I would argue there's no better way to spend a Friday evening after work or a Sunday afternoon than sitting in the stands eating pies and watching my beloved Sydney Swans drill the ball into the 50 from the centre square at the SCG.
That is, of course, unless you're confronted by the ugly face of racism. Loud and arrogant boos penetrating your eardrum every time an Indigenous player touches the ball, making your heart beat faster at the prospect of having to defend your race once one of your fellow punters crosses the line.
This was the reality for Swans fans for almost two years. Two years from May 2013, until it reached fever pitch in May 2015.
Despite the reasons people had for booing Goodes (and there were so many reasons people gave, most of them invalid and some of them just ridiculous) it stemmed from one incident. A little girl called him an ape and he refused to cop it. He stood up to racism in a polite, respectful and dignified way and has been relentlessly punished for it.
I was there with some colleagues on the night it reached fever pitch. It was the Indigenous Round last year and the booing would just not subside. They were coming from everywhere, drowning out the cheers of the home crowd, audible in the television broadcast, so much so that commentators had to acknowledge it and talk about it instead of talking about the football.
With only six minutes to go until half time, Goodes kicked a goal, the margin on the scoreboard increased to 47 points in the Swans' favour and the beers starting working their magic. What happened next, I believe, has changed the way we talk about racism in this country forever.
He did an Indigenous war dance towards a group of Carlton supporters who'd been heckling him throughout the game. The outrage that ensued because an Indigenous man did an Indigenous dance during the AFL's Indigenous round was baffling.
The hatred and bile that gushed from people's mouths that week was truly breathtaking. I've spoken to people who have never even met Goodes who say they were so affected they could hardly get out of bed because of the things people were saying about Indigenous people that week. It made us sick and it polarized our country. Everyone was talking about it, sharing their views one way, or another.
Then the conversation shifted.
Something happened to all of those people who sat on the fence, comfortably (and perhaps willfully) ignorant about the racism that exists in this country. Something happened when they too were confronted by the ugly and spiteful face of racism. They could no longer deny that it was there. That some (maybe not all) of the boos were because Goodes is an Aboriginal man.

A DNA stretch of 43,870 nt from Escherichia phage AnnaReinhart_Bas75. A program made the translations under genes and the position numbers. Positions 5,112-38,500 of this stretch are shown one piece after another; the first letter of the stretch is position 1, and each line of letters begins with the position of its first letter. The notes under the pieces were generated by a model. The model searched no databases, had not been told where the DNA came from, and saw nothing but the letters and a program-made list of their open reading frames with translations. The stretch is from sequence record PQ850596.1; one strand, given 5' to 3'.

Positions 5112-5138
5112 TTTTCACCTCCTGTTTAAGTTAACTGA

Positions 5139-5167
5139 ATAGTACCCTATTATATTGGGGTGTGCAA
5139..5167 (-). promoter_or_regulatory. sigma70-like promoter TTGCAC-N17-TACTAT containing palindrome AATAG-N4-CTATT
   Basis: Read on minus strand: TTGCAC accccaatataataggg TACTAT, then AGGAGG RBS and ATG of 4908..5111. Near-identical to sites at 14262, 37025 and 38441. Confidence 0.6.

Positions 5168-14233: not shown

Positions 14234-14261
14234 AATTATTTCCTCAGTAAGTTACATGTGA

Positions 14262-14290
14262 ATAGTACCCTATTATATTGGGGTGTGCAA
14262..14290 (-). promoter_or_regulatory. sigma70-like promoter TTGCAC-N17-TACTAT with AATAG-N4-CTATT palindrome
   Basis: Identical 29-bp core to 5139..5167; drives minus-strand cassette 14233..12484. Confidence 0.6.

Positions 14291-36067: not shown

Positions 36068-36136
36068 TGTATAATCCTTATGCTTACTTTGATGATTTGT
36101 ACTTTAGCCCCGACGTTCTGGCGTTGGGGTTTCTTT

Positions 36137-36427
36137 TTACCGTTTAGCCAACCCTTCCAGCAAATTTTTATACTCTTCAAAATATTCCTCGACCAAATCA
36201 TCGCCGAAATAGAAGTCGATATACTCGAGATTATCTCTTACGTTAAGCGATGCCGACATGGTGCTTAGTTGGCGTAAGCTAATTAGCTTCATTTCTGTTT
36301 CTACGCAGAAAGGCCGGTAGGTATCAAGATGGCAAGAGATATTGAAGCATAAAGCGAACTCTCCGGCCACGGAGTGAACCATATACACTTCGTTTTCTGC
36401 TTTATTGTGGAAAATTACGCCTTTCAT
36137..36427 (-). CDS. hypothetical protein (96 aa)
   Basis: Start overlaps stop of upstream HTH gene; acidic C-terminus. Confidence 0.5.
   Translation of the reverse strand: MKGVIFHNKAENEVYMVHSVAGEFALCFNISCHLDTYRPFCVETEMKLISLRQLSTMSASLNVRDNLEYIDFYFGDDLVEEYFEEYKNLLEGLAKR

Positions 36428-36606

This war dance drew out some of the bad blood that had been spilt here on these lands over the past 200 years, and we've finally started to talk about it.
When Stan Grant so eloquently brought to words the experiences of so many Indigenous people and described how Goodes' treatment was a symbol for everything we've felt our entire lives, it could no longer be ignored. The ogreish boos were too loud and too many to dismiss.
It forced everyday, reasonable Australians who defended the boos to look around and see the company they were keeping, to take a look at the people they were defending with their silence and complicity.
This one dance inspired us to talk and inspired us to listen. It meant that when Stan Grant could unreservedly express our experiences of racism in this country we were ready for it. We were ready for it because we'd been watching it play out in one of our most sacred of spaces, the footy field.
I've said it before and I'll say it again: I think this is one of the best countries in the world. But that's not to say there aren't things we can and should be doing better.
The reality is that we're farewelling one of the greatest footballers in modern history at the SCG today because he was scared to see the repulsive face of racism in those who would have inevitably booed him at the MCG if he'd done it there before the Grand Final last year.
He shouldered that heavy burden for all of us. He unintentionally started a discussion we didn't know we were ready to have. He's made all of us have a think about what sort of behavior it is as Australians we're willing to accept and what we're not. He's made people who have been sitting on the fence for 200 years choose a side, racism or reconciliation.
He pushed the nation down a path we desperately needed to travel. When he did that war dance at the SCG last year he didn't know just what sort of battle it would start.